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This Old House 

Colorado Springs woman loses home to the wrecking ball

Shirley Mathis is about to be homeless, and she gives the city no thanks for that.

Mathis is one of dozens of people who have been forced to move out of the Mill Street neighborhood south of downtown to make room for a homeless shelter, a child-care center and a railroad spur for the Martin Drake Power Plant.

The 46-year-old Mathis is the last to go; all of the old houses on her block and on the next street over are empty, their owners gone. She is having a hard time letting go -- and an even harder time finding a place to move.

When Mathis' father and mother bought their house in 1958, the tiny four-room bungalow cost $3,000. Then, they decided they wanted more room. They added on a kitchen, three more bedrooms and a second bathroom. Then they decided they wanted even more room and added a family room.

"They kept building and kept building," Mathis said as she gives the grand tour of the now-sprawling structure that she has called home since she was 4 years old. "This is the history of the house."

Two of Mathis' five siblings were born in this house, but Mathis was the only sibling left living in the family home. Her three sisters and two brothers were pleased when they were offered $21,000 each for the old house. But Mathis didn't want to sell.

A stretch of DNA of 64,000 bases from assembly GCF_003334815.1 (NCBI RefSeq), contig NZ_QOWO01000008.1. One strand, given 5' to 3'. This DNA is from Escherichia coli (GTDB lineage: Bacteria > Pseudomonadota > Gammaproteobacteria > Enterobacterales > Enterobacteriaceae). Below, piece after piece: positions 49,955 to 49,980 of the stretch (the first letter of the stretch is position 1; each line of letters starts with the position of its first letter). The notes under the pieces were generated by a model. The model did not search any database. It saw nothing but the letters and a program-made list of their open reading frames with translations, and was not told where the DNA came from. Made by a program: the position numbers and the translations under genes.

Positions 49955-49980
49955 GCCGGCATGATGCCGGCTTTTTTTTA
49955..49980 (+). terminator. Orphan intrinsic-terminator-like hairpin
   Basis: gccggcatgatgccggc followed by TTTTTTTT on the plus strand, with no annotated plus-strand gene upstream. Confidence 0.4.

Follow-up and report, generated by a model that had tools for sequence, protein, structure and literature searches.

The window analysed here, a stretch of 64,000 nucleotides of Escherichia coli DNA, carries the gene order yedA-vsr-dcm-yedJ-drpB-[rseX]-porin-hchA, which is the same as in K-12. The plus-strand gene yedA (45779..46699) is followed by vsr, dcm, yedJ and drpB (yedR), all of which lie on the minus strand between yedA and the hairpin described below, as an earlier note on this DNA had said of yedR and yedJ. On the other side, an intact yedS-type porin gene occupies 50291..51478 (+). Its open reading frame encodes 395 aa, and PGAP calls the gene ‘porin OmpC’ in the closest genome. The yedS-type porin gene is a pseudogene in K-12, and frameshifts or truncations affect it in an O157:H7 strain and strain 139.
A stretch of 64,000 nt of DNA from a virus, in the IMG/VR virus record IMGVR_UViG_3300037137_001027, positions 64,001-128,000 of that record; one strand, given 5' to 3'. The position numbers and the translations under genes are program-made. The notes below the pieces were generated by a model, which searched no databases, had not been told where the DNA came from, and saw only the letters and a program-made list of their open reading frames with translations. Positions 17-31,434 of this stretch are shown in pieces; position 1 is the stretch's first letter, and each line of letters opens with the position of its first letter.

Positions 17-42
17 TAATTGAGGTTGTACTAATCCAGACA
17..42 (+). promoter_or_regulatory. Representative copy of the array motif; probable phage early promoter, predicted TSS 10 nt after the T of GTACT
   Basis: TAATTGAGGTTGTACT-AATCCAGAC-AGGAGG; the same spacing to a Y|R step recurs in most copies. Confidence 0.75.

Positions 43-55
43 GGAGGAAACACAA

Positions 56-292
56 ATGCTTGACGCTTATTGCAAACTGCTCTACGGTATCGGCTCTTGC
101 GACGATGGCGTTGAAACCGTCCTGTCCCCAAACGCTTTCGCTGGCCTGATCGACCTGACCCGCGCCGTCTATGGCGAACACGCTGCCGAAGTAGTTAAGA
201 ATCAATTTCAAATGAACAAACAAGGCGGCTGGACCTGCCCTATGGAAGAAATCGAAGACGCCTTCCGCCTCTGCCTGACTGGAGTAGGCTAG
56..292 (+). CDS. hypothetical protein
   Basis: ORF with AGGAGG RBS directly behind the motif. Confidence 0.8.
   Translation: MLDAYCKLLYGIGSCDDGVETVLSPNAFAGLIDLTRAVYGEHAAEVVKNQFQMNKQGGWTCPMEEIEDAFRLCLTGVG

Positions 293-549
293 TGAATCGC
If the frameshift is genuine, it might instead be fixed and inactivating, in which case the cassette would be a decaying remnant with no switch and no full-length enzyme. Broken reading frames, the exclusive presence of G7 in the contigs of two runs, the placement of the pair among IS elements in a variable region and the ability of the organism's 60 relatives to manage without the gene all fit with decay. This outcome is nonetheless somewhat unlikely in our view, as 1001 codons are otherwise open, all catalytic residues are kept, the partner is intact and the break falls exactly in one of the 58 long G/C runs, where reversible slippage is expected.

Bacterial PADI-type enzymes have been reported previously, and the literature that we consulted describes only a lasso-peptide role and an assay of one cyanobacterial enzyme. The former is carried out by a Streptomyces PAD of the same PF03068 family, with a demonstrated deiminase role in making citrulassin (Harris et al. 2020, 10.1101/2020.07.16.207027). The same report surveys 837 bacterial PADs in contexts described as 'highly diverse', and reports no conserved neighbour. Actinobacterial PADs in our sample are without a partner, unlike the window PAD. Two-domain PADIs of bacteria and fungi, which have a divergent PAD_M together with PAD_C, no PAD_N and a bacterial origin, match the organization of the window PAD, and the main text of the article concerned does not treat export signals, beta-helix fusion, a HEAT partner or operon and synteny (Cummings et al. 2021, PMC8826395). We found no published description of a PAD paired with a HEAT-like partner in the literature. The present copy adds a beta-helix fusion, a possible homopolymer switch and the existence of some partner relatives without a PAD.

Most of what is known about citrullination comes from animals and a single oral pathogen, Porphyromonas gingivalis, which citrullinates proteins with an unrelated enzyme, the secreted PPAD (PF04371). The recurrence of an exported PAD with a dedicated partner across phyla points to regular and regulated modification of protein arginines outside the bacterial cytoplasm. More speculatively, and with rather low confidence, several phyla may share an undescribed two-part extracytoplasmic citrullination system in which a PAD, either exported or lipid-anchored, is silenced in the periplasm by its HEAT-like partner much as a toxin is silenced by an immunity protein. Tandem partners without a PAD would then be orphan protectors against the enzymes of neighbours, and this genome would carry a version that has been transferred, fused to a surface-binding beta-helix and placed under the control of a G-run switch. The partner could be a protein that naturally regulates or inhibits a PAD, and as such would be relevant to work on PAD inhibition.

The city has given her until May 1 to move. She has nowhere to go. Mathis is disabled and earns too much to qualify for low-income housing, yet her share of the money from the house isn't enough to buy her another place anywhere in the city.

On a short driving tour of her old neighborhood, Mathis points out where clusters of homes used to stand. "Over there, there were four houses and another big house; they tore all that down," she points. "There was a church over there; that's gone now.

"This was a home over here, but the utilities tore that down and built a parking lot," she said. "Utilities doesn't care. Utilities doesn't care."

The city-owned utility department bought Mathis' and her neighbors' houses to build a railroad spur that will give them more room to haul in coal. But then -- after they bought the houses -- the utility company changed its design plans, and didn't need the houses after all. The city plans to tear them down anyway.

And actually, the city only plans to keep the Drake Power Plant open another 10 or 15 years at most. Then they will move to another site.

"Don't faint," Mathis warns as she pulls up to a house a block away from her house. "I'm going to show you what they tried to move me to." The house is smaller than hers and has holes in the walls. The utility company told her she could move into this house -- which they paid someone else to move out of -- for two to four years. But Mathis is grieving the loss of her family home, and is inconsolable.

"I told them I wouldn't take their raggedy house," she said.

If Mathis can't find a permanent place to live by May 1, she will put her possessions in storage and stay with a friend. Her roommate -- a day laborer -- will likely have to move into the Red Cross Shelter.

"The Mayor and the City Council, they don't care," Mathis said. "They're living in big houses in the Broadmoor and in Woodmen Hills and, you know, I never dreamed to live like that. I'm living my own dream right now."

A dream that is about to end.

"The only thing I can do now is speak up -- and fight for other people who need housing."

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